Therefore, the non-vanishing parts of this hilbert space are completely specified by the choices of modules \(\{A_i\}\), as \(A_{i}\otimes \alpha_{i+\frac{1}{2}} \cong A_{i+1}\) if only satsfied by a unique \(\alpha_{i+\frac{1}{2}}\) for a given \(A_i, A_{i+1}\in sVec\). Therefore, the Hilbert space is given by:

Therefore, this hilbert space is equivalent to the hilbert space over the spin basis (or qubit computational basis).

Consider \(\mathcal{V}_{i+\frac{1}{2}}\) for \( \mathcal{D} = sVec\) and \( \mathcal{M} = sVec/\{\mathbb{1} = \psi\}\). In this instance, we have

Therefore,

where \(c^{\dagger}_i\) is the fermionic creation operator. Therefore, this hilbert space is equivalent to the fermionic basis.

Therefore, the \( (sVec, sVec)\)-bond algebra is made up of qubit operators that act on the computational basis states (e.g. Pauli gates etc.), whereas the \( (sVec, sVec/\{\mathbb{1} = \psi\})\)-bond algebra is made up of fermionic operators that act on the fermionic basis (e.g. creation/annihilation operators). If we can define a module functor between \(sVec\) and \(sVec/\{\mathbb{1} = \psi\}\) then we can find a module functor associator which we have proved allows us to convert from one bond algebra to the other.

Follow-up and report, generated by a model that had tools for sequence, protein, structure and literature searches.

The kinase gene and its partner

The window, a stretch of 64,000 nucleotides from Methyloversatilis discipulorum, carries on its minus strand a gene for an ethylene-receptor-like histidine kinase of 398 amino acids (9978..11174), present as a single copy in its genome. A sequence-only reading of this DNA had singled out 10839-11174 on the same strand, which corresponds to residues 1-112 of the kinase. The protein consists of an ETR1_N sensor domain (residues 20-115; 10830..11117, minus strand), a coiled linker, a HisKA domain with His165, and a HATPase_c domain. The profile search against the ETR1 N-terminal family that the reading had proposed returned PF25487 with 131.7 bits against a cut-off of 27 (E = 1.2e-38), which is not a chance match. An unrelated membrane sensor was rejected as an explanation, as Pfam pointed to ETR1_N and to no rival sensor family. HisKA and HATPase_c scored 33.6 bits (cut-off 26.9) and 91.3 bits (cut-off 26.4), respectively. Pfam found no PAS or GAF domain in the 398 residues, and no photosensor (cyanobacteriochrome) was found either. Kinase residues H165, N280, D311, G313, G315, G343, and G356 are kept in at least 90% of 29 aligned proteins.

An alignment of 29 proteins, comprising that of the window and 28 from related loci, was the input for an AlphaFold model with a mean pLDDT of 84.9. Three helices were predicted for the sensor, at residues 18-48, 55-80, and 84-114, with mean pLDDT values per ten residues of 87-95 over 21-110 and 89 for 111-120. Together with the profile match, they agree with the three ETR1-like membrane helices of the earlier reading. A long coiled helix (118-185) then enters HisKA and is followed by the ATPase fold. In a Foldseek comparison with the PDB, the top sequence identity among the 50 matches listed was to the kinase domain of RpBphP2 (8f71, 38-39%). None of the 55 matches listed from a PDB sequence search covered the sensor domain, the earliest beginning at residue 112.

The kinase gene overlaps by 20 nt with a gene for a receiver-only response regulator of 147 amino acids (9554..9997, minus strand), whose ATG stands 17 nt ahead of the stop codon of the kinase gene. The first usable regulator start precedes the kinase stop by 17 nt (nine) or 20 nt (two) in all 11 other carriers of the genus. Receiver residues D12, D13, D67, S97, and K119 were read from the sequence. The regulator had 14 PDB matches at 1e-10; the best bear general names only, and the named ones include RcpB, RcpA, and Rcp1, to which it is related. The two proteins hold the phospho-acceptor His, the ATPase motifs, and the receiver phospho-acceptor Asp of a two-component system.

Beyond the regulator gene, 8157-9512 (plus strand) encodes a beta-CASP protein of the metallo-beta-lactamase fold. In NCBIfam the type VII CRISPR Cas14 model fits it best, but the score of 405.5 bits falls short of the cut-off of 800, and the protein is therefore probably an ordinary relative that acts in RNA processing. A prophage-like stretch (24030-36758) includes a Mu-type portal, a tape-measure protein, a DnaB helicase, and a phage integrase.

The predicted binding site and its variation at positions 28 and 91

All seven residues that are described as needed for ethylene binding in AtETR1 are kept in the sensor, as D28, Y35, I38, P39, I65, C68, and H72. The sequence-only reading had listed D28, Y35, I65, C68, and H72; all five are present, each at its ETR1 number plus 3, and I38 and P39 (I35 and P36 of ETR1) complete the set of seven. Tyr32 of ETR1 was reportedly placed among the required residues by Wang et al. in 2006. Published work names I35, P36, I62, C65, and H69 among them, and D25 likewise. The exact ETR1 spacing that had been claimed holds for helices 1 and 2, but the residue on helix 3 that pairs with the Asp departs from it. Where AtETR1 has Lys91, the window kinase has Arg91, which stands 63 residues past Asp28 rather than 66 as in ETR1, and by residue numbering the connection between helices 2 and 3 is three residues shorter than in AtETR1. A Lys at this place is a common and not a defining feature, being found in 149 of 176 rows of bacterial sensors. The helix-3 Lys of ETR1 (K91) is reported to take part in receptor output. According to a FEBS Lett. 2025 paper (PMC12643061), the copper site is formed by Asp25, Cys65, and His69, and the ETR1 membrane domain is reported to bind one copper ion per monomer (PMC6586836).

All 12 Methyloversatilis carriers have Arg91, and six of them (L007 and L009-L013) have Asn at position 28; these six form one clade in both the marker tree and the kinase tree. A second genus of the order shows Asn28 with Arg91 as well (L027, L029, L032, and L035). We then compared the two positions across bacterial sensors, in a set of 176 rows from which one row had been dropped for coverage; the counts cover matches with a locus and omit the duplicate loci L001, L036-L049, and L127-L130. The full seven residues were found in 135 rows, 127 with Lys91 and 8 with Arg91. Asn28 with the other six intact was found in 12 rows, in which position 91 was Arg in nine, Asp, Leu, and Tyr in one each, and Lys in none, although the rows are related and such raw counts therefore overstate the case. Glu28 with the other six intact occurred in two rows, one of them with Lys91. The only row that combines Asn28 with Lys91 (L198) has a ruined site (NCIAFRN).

We can choose the forgetful module functor \(G: A \rightarrow \mathbb{1}\) for \(A \in sVec\). This functor has two basis vectors: \(Hom(\psi, \mathbb{1}) \cong \mathbb{C}^{0|1}\) and \(Hom(\mathbb{1}, \mathbb{1})\cong \mathbb{C}^{1|0}\). Let \(N_i(A) = (c_i^{\dagger})^{n(A)} \ket{\varnothing}\) where

As \(N(\mathbb{1}) \cong \mathbb{C}^{1|0}\) and \(N(\psi) \cong \mathbb{C}^{0|1}\), \(N(A)\) is the basis for this module functor. Similarly \(N(\alpha)\) is the basis for \(Hom(\mathbb{1} \triangleleft \alpha, \mathbb{1})\) with \(\alpha \in sVec\). More simply \(\alpha\) is the basis for \(Hom(A \triangleleft \alpha, B)\) with \(\alpha, A, B \in sVec\). With this in mind let us consider the module functor associator:

as we know there is only one unique \(B\) that \(A \triangleleft \alpha\) maps to we can write:

As this module functor must satisfy the “pentagon” equation when we “pull it through” the \( (sVec, sVec/\{\mathbb{1} = \psi\})\)-bond algebra it will transform to the \( (sVec, sVec)\)-bond algebra and vise versa. Therefore, this is a local MPO that transforms fermionic operators to and from spin operators. Therefore, our Jordan-Wigner MPO is given by: